GRANITE Belt cattle producer Ian Rogers is facing the unenviable task of rebuilding burnt fences and cattle yards after fires ripped through his country at Applethorpe.
Mr Rogers said he suspected the fire was started from embers blown from the main fire some four or five kilometres away when winds were raging at up to 90km/hour.
"But how would you know," Mr Rogers said.
Despite the blackened landscape, the pasture would respond well if rain was received in the near future.
At the moment it feels like one step forward and four steps back.
"It's been such a mild winter," he said. "There's only been three or four frosts when we would expect dozens. Already there are signs of some green shoots around the place."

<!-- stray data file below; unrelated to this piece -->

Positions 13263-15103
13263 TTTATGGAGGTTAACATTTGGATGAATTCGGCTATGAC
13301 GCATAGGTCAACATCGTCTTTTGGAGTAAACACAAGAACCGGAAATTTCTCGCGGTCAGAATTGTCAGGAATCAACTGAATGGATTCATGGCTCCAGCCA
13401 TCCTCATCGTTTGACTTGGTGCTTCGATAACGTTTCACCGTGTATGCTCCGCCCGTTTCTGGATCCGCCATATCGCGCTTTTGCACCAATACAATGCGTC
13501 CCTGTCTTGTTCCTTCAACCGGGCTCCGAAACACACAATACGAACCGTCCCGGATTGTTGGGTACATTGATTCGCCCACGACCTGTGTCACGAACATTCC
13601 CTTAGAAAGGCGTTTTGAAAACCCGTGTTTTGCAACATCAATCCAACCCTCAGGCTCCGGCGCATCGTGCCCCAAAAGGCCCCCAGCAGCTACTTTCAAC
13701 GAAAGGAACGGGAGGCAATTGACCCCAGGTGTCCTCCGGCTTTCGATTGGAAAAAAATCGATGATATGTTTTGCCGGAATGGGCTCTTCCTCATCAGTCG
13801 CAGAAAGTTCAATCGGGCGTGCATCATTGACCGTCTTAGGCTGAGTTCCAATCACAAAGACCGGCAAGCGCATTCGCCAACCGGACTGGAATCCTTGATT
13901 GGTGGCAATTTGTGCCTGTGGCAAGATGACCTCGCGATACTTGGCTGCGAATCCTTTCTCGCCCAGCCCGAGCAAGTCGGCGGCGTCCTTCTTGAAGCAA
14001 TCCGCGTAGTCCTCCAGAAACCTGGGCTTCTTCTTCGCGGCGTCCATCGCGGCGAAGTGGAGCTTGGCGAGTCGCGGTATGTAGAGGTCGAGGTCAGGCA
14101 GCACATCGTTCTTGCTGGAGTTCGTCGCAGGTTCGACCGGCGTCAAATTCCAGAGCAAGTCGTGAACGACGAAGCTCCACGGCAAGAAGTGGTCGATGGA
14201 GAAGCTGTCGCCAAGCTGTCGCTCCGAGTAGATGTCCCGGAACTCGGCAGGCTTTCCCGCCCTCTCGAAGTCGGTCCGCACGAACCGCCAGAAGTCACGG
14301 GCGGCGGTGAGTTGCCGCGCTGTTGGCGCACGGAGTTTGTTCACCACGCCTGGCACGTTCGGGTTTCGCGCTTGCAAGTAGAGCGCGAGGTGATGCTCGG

The devastating fire comes on the back of extended drought conditions, which had already depleted pastures and forced Mr Rogers to buy scarce feed for his cattle.
"We only had love grass, but that's not a bad thing when you don't have anything else," he said. "Now we'll have to buy more feed and sourcing that is a job in itself."
"At the moment it feels like one step forward and four steps back."
Agriculture Minister Mark Furner said primary producers impacted by the recent bushfires could apply for assistance without waiting for a formal activation of joint state/commonwealth Disaster Recovery Funding Arrangements.
"Producers suffering severe damage can apply for an Individual Disaster Stricken Property declaration, which gives access to freight subsidies up to $5000 from DAF, and Queensland Rural and Industry Development Authority Disaster Assistance loans of up to $250,000 at a concessional interest rate," Mr Furner said.